Private sector investment rose steadily over past five yearsDespite the global economic crisis of 2008, which still reverberated last year, private sector investment is going strong.
It is now almost a decade since Rwanda began seriously focused efforts to attract investments into the country as a way of ensuring that the country develops. The initiative started through the creation of the Rwanda investment and export promotion agency (RIEPA) which was charged to market the country’s investment potential to attract foreign direct investments.
However, to give investors the incentives RIEPA promised, other agencies had to factor in. For instance, Rwanda Revenue Authority, REMA, the immigration office had to post an employee at RIEPA to facilitate these investors.
This wasn’t particularly easy as the employees had to consult their agencies before issuing certain documents. This in turn led to interagency fights as each one of them thought they were relishing too much power to RIEPA.
All in all, some progress was madeespecially through the annual investment forums which attracted regional and international investors. These forums were meant to be a “take a look and see” for investors who would consider if the investment options were worth trying out.
Borrowing a leaf from the Asian “Tiger” nations on how they had modeled their solid development agencies that did wonders in the eighties and early nineties, the Rwanda Development Board (RDB) then came into existence. RDB was created by merging several development agencies under one roof which would report directly to the office of the president.
It brought together the Rwanda investments and export promotion agency (RIEPA); the Centre for Support to Small and Medium Enterprises (CAPMER); the Rwanda Commercial Registration of Service Agency (RCRSA); the Environmental Impact Assessment (EIA) unit and the Privatization Secretariat. Others are: RITA, ORTPN and a Unit of Human Resource and Institutional Capacity Development (HIDA).
The move to merge the development agencies has now begun to pay off substantially. For example, 117 investment projects worth US$ 250,000or more passed through RDB in 2008. And according to the one-stop-center, 39 of them were foreign direct investments.
The year 2008 registered foreign direct investment worth US$ 82.87 million compared to a mere US$ 2.59 in 2003. In financial terms, 2007 was the best year with total investments of US$ 200 million.
2008, on the contrary, was not a good year in terms of FDI. This was due to the effects of the economic crisis where the world economy shrunk bringing uncertainty to potential investors. A good example is Dubai World which had promised to invest more than US$ 350 million in the construction of a five-star hotel in Kigali as well as a high-end eco-lodge in Nyungwe forest. The investments never materialized as it was one of the consortiums to be hard hit by the economic crunch.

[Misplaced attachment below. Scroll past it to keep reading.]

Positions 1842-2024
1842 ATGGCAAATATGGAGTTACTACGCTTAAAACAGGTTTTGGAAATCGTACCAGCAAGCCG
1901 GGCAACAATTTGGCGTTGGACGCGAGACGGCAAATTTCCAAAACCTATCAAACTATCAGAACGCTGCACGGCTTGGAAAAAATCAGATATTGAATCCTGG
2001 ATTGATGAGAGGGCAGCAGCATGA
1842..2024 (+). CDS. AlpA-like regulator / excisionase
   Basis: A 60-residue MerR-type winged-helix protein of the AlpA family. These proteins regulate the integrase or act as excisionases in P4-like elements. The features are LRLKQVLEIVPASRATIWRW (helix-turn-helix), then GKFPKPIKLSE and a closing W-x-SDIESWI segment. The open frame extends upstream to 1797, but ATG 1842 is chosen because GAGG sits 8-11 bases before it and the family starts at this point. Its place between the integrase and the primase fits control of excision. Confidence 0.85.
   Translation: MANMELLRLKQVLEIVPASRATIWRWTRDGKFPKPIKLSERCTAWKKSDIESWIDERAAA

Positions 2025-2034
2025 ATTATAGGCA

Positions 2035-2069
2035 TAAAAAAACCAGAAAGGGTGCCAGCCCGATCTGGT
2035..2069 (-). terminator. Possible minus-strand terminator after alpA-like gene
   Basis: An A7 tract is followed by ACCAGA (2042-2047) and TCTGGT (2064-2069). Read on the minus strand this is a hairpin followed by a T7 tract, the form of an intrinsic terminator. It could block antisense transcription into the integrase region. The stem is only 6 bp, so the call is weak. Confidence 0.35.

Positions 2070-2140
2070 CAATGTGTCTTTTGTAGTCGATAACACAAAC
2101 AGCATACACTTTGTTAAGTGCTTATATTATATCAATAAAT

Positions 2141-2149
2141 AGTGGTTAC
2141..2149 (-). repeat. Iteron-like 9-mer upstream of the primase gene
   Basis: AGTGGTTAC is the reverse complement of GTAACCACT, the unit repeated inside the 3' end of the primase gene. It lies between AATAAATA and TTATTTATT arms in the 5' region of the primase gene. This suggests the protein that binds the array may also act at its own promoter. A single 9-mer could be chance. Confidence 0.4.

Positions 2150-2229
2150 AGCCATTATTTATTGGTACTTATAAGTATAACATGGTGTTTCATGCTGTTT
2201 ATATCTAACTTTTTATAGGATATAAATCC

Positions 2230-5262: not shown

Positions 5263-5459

In 2009, a total of 109 investment projects were registered with an estimated level of investment worth Frw 645 billion (approximately US$1.2 billion). These investments are expected to create 11,901 jobs. So far, 58 projects are operational representing 53.2% with an estimated level of investment worth Frw 565b (approximately US$ 1m).
Of the registered projects, 39 are purely foreign direct investments including 36 projects undertaken by foreigners from abroad representing 44.9% in terms of numbers and 47.6% in terms of value. There are 3 projects undertaken by Rwandans living in the Diaspora, with a value of Frw 5b. As far as local investments are concerned, 2009 registered 59 projects representing respectively 55.6% in terms of numbers and 52.3% in terms of value, and expected to create 3,096 jobs. Joint ventures between local business and foreign investors scored 9.4% with a total of 10 investment projects totaling an investment value of Frw 17b.
Comparing 2008 and 2009, in terms of the value of projects registered there was an increase of 40.7% from Frw 458b in 2008 to Frw 645b. Yet in terms of the number of projects, there was a slight decline of 6.8% from 117 projects in 2008 to 109 projects in 2009.
Major projects registered last year include: Kivu Watt by the American company Contour Global company to generate electricity from methane gas in Lake Kivu; Luxemburg’s Tigo in telecommunications; German SAG in electrical construction; a South African company operating Rutongo mines; Tanzania’s Bakhresa grain milling; and a Rwandan shopping centre.
Other major foreign deals signed include a Jatropha bio-fuel project, the 5-star Marriott/New Century hotel and the Kigali Convention Centre and hotel.
There have also been major investment expansions in 2009. Companies that have been involved in expansion include: Real Contractors, CIMERWA, Kitabi Tea Company and Banque Populaire du Rwanda.